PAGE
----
“The wall of the city was built on foundation stones inlaid with twelve precious stones the first was jasper, the second sapphire, the third agate, the fourth emerald, the fifth onyx, the sixth carnelian, the seventh chrysolite, the eighth beryl, the ninth topaz, the tenth chrysoprase, the eleventh jacinth, the twelfth amethyst.” (Revelation 21:19)
In the past century, it has been discovered that gems can be classified as either anisotropic or isotropic, and only recently have scientists discovered cross polarized light, which can be used to identify whether a gem is anisotropic or isotropic. When viewed in crossed-polarised light (similar to “pure” light), anisotropic stones produce a colourful array- reflecting all the colours of the rainbow, whereas isotropic stones lose all of their colour and appear black.
It’s interesting that, in Revelation chapter 21, there are 12 gems mentioned to be inlaid for decoration of the New Jerusalem, and ALL of these 12 gems are anisotropic gems, i.e., gems that can show colourful patterns under pure light..
Interestingly, neither diamond, rubies or garnets are mentioned, despite the fact that these group of gems are very very common! For instance, the precious stones are generally considered to be diamond, ruby, sapphire and emerald, with all other gemstones being semi-precious. Turns out, it’s because they are isotropic, when pure light passes trough them, there is no beauty at all…
“For wisdom is better than rubies; and all the things that may be desired are not to be compared to it.” (Proverbs 8:11)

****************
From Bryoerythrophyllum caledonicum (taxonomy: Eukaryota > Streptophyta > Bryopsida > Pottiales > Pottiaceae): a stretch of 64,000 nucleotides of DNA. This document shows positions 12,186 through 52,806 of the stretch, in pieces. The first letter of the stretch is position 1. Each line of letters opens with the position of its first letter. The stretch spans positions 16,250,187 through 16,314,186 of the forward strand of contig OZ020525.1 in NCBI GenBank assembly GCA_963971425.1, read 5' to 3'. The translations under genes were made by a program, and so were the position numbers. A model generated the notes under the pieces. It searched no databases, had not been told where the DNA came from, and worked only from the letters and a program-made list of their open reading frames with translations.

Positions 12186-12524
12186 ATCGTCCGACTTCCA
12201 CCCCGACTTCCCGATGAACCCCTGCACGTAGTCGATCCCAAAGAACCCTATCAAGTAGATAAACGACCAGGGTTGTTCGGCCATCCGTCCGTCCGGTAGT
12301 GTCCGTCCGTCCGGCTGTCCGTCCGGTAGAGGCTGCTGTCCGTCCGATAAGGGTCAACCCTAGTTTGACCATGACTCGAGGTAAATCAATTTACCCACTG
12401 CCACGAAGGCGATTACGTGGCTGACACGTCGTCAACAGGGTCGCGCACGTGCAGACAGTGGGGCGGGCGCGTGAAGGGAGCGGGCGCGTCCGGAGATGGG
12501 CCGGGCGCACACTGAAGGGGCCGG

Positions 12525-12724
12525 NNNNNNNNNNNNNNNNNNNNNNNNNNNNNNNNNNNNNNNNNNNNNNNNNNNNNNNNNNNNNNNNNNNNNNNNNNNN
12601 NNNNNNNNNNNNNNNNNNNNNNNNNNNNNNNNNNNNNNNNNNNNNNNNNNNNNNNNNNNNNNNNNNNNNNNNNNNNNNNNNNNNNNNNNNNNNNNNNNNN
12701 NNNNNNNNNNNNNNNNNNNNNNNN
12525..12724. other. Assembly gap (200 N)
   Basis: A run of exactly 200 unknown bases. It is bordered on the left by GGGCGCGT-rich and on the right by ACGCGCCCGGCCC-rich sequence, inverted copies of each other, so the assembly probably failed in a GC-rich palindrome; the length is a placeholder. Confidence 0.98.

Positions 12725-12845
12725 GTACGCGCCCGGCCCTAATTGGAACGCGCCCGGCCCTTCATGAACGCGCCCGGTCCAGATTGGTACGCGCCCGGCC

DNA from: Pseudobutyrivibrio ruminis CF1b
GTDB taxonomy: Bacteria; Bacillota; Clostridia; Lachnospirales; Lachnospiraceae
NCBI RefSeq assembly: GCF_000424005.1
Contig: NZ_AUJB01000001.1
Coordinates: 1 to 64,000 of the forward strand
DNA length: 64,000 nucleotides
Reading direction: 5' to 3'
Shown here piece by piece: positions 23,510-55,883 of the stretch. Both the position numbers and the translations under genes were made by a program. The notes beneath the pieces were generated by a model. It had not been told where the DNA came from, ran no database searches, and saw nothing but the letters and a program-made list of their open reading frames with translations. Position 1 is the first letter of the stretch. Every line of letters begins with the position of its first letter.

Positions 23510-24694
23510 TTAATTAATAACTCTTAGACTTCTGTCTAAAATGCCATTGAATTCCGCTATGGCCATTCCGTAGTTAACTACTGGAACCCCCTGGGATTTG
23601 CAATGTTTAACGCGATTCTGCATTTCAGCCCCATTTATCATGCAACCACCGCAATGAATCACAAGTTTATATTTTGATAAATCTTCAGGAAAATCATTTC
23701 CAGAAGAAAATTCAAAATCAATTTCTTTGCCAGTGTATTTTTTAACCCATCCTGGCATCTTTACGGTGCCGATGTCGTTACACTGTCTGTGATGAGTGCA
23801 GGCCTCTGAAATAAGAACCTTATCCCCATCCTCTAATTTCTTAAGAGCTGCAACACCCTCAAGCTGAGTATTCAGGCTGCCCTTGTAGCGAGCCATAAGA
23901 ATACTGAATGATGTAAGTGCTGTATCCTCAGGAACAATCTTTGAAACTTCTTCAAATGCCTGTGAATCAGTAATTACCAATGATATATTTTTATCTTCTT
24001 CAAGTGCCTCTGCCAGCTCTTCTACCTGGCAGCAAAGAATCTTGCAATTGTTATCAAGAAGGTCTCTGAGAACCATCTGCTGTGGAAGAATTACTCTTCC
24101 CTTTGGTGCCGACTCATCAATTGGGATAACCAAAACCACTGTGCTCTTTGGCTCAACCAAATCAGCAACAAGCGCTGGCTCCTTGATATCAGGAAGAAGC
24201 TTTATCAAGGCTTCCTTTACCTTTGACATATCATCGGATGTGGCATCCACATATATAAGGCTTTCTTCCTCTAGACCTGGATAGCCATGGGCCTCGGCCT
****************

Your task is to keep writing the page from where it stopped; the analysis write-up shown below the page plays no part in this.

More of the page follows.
What are the odds?
Of the 28 stones that are normally regarded as gemstones, only 16 are anisotropic. Since anisotropic behaviour has only been discovered in the last century (and John wrote Revelation almost 2000 years ago), the odds of 12 stones picked randomly being in that one group, is about 1 in 1,000! In fact, this analysis assumes that all gems have the same probability of being included, but this is not the case (as some gems are considered more precious than others). Hence, the actual probability is much much lower than 1 in 1,000 for naming all the 12 gems, that are all anisotropic gems, in the book of Revelation!
Keep in mind that there are a few assumptions being made here, i.e. the stones are a literal description of heaven (which I believe are) and that the light in heaven will be like “pure” light, which emanates through the gems…
Could it be possible that God, in choosing the stones for the foundation of the new temple, deliberately avoided stones that would lose their colour and instead chose stones that disperse light to produce brilliant rainbow effects?
“…and there was a rainbow round about the throne, in sight like unto an emerald.” (Revelation 4:3)